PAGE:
The Bohnenberger Observatory at Hohentübingen Castle is restored and can be visited once more!
The Museum of the University of Tübingen MUT has thus been given the museum use of the historically significant observatory from Johann G. F. Bohnenberger at Hohentübingen Castle. This is all the more significant, as the small observatory was constructed 200 years ago specifically for the so-called “Reichenbach’ Repetitive Circle”; a device which could be put back onto its original place again 16 years later. Only a few repetitive circles exist worldwide, for example in Florence, Milan and Paris. However, the historically unique entire ensemble consisting of the original device and the specifically for that constructed building which also presents the oldest ground observatory in the world, only exists in Tübingen. The renovation was concluded in September, 2018, – right on time for the 200-year festivity of the Württemberg land survey which started in this exact location.
We are very happy and would like to thank all departments, architects, restoration specialists, cooperation partners and collaborators in the redevelopment of this fantastic place! This presents another big step for the MUT, to – step by step – make the significant historical, scientific but also cultural-historical rooms, collections and locations accessible to the public. This also includes the Tübingen Castle Laboratory as cradle of biochemistry or the worldwide oldest giant wine barrel in the castle cellar, and the observatory, in addition to the outstanding collections in the Museum of Ancient Cultures.
Discover more about the observatory on the occasion of the reopening published publication “The Tübingen Castle Observatory” by the astronomy historic Jürgen Kost.
The Historical Observatory at the Castle Hohentübingen
After Württemberg had become a kingdom in 1806, King Wilhelm I. ordered the surveying and mapping of his empire. For the greatly enlarged country, the knowledge of its expansion was the basic prerequisite for a modern administration and a uniform tax law. Wilhelm I. entrusted the mathematician and astronomer Johann Gottlieb Friedrich von Bohnenberger (1765–1831), Professor for Mathematics and Astronomy at the University of Tübingen, with the task of national surveying in 1818. For the new mapping the kingdom, Bohnenberger placed the zero point of his measurements into the observatory, i.e. at the top of the northeast tower, which is why many Württemberg maps still orient themselves on this zero point today.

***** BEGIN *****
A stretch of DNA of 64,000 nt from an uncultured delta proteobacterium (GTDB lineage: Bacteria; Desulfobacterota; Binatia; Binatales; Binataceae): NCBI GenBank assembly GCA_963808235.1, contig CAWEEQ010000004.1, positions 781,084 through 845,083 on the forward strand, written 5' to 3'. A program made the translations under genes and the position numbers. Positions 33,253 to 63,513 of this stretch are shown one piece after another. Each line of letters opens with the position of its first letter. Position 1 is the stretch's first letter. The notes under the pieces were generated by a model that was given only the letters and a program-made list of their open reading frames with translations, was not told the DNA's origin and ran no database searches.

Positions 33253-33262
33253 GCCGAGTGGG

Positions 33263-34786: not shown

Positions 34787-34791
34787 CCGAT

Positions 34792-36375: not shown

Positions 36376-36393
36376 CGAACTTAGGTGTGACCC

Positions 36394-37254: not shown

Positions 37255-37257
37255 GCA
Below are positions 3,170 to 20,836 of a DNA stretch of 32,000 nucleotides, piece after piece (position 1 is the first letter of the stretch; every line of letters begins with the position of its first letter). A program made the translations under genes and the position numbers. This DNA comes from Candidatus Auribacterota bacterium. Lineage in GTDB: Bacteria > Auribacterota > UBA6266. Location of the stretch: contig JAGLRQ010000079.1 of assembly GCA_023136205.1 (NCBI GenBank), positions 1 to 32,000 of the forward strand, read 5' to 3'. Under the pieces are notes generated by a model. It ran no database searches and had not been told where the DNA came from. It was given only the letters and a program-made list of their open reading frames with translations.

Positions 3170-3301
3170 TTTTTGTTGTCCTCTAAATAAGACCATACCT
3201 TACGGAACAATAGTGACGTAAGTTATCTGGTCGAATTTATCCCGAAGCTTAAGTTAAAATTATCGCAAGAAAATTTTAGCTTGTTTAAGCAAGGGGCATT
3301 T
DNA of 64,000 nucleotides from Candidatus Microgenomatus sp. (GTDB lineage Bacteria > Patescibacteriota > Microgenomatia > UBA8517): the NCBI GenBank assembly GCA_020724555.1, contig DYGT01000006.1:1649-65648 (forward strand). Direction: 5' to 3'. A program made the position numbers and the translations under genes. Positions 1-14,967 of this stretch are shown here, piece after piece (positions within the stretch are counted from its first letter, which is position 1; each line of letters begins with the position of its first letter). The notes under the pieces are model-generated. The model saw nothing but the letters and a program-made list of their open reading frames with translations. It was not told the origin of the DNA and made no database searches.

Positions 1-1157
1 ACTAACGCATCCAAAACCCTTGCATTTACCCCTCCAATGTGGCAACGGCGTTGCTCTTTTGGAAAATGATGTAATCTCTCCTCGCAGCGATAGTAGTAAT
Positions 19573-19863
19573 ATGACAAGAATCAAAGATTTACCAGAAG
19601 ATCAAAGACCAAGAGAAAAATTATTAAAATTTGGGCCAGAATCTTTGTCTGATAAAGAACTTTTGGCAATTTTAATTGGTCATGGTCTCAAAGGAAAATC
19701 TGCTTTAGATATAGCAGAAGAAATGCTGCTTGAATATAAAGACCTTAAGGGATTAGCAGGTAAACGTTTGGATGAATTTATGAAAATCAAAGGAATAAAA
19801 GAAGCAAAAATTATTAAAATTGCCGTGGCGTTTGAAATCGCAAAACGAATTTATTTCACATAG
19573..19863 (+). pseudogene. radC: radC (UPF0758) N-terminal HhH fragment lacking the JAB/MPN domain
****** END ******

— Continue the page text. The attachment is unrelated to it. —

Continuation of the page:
However, the castle was already used as astronomical observation spot before Bohnenberger: The Tübingen mathematician and physicist Georg Wolfgang Krafft (1701–1754) established the first observatory at the top of the northeast tower of the castle in 1752. And in the previous centuries, at the latest since the founding of the university in the year 1477, a significant astronomical tradition of Tübingen scholars and humanists, amongst others Johannes Stöffler (1452–1531), Johannes Kepler (1571–1630) and Wilhelm Schickard (1592–1635), had already existed.
The New Observatory on the Bastion
In order to improve the technical gear for the observatory, Johann Gottlieb Friedrich Bohnenberger ordered one of the most modern angle meters of his time in approximately 1812, a large repetitive circle from the company Reichenbach & Utzschneider in Munich. Bohnenberger had built the small observatory with a rotatable dome on the bastion specifically for the instrument delivered in 1814.
With the new observatory on the bastion, Bohnenberger wanted to determine coordinates of celestial objects. It was the age of position astronomy with the aim to be able to describe the movement of celestial objects, for example asteroids, through star maps. Only very few of these “Reichenbach’s repetitive circles” still exist today – amongst others in Paris, Milan or Florence. The combination of the original installation site and a nearly complete instrument, as the Tübingen Ensemble presents, is globally unique and a scientific attraction.
Soon after Bohnenberger’s death in 1831, the small observatory on the bastion was forgotten, until the Tübingen scientist Alfons Renz rediscovered the original instrument in the unimposing observatory in 2002. On the occasion of the 200th anniversary of the beginning of the Württemberg state survey, the Reichenbach repetitive circle was returned to the observatory in 2018 after it had been restored at the State Office for Monument Preservation.
Wed to Sun 10am to 5pm
Thu 10am to 7pm
Free of charge
The Bohnenberger Observatory will be visited as part of the guided tour of the castle.
Museum Ancient Cultures